A Better Picker-Upper

Cutting boards with cook books and a roll of reusable cloth towels

I start every morning with a scroll through my Apple News feed.  Of course I have favorited topics pertaining to the environment and sustainability to keep up-to-date so I can share insights and positive news with Love Local followers.  I have to admit, scrolling though gloomy headlines can sometimes be depressing.  The one good thing that comes of them is they make me wonder what I can personally do better and encourage others to do as well.

Convenience, instant gratification and quick fixes define a culture created and perpetuated by corporate America for one purpose, money.  We’ve found ourselves in the middle of a disposable lifestyle; ads for products like Bounty and Swiffer promise us quick clean ups with less work that disappear easily into the trash bin.  I’ve had to stop and ask myself at what cost am I willing to accept convenience?  The phrase ‘vote with your wallet’ isn’t just a feel good adage, it has real consequences.  Do I really want to put money into the pockets of big corporations who are destroying the Earth in the name of profit?

Paper towels. There’s at least one roll in all of our kitchens, in the garage, maybe one in the laundry room and even in the trunks of our cars. Paper towels have become a ubiquitous presence in our daily lives. They’re also an easy thing to use less of by incorporating a non-disposable alternative.  Research into exactly how wasteful paper towels are and what goes into making them turned up more depressing facts about the industry making our paper tissue products.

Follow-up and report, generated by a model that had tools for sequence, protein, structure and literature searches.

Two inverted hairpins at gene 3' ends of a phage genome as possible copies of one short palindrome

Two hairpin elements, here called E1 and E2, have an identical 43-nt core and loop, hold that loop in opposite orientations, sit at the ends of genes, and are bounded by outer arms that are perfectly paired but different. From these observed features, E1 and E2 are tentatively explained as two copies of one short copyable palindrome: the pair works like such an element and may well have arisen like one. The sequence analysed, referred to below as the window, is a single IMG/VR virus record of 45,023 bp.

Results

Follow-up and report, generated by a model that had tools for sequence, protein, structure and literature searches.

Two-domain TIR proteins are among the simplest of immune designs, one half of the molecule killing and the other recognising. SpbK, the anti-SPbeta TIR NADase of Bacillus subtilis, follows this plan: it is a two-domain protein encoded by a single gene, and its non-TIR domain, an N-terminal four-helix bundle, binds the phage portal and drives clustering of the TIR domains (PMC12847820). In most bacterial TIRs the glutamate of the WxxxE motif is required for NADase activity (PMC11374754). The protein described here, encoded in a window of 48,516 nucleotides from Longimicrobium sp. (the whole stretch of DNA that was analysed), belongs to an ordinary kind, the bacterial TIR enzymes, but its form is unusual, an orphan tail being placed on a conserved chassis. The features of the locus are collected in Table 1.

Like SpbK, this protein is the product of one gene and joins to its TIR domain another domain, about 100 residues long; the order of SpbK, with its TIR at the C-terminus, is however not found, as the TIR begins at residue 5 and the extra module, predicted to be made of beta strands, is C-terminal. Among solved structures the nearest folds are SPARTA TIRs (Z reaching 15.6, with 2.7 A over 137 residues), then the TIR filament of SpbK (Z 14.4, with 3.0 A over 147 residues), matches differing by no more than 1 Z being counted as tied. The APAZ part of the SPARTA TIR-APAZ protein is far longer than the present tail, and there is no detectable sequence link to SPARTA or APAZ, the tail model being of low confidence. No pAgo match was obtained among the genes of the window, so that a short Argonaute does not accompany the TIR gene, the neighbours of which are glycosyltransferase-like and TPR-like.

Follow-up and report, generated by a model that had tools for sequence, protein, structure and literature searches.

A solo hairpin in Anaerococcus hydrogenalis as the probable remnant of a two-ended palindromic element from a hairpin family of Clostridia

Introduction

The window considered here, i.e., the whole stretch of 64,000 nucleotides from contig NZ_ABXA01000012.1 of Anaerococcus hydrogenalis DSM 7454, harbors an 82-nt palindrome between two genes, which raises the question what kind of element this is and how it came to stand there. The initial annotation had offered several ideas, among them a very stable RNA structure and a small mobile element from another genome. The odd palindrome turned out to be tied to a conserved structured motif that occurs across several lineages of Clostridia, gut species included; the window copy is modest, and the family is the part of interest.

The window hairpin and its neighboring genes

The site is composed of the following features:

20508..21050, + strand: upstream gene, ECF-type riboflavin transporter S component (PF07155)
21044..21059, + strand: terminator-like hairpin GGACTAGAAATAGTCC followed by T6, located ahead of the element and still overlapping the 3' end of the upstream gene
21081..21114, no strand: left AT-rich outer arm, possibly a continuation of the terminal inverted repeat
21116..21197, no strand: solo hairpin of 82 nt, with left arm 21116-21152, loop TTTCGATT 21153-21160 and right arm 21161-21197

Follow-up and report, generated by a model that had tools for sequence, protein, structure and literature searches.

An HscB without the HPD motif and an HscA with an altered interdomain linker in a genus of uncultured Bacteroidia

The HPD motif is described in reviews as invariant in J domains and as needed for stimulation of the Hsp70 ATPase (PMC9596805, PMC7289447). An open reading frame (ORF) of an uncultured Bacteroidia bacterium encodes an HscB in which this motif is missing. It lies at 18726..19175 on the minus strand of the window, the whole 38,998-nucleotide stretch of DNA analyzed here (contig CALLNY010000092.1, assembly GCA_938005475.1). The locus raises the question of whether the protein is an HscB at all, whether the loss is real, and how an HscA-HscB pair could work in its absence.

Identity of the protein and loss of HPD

Canada’s boreal forest, which according to the National Resource Defense Council (NRDC), is the largest intact forest left in the world, and sadly, it’s being cut down to make products like tissues, paper towels and toilet paper, mostly for the American market.  Like most items of convenience, paper towels are made to be thrown away.  Deforestation, an issue in an of itself, results in more carbon in the atmosphere, loss of biodiversity and wildlife displacement. The largest makers of paper towels, Procter & Gamble, Kimberly-Clark and Georgia-Pacific, still use 100 percent virgin wood, 0 percent recycled content, to make their products.  Americans consume 13 billion pounds of paper towels a year – essentially throwing away 270 million trees in the process.  The process to turn pulp into the final product requires vast amounts of water and most manufacturing facilities are run using fossil fuels. 

Instead of simply using and tossing paper towels, I invested in a set of Marley’s Monsters Unpaper Towels, a roll of cloth towels.  I bought them knowing they would get stained and dirty. Once I accepted that fact, it was easy to embrace them; I use the darker colors for messier cleanups. Now I automatically reach for reusable towels for almost everything.  I use them as napkins, for wiping up spills, drying rinsed produce, etc. While I still keep the disposable version around, a roll lasts a lot longer.  When it’s time for a new roll, I always opt for 100% recycled content or bamboo when possible; both require less energy to produce.

When you’re ready to reduce your reliance on disposable paper towels, here are some great paper free versions to consider. 

Marley’s Monsters Unpaper Towels, 12 for $30

Three Bluebirds, 1 for $6.95

Well Earth Goods, 12 for 29.50

Full Circle Home, 2 for $3.99

StudioPatro, 3 for $36

Etsy, various prices

Hearth & Hand with Magnolia at Target, 2 for $9.99

Amazon, 10 for $24.99

Author Details

Jen Culler Liepis

Jen is the founder of Love Local.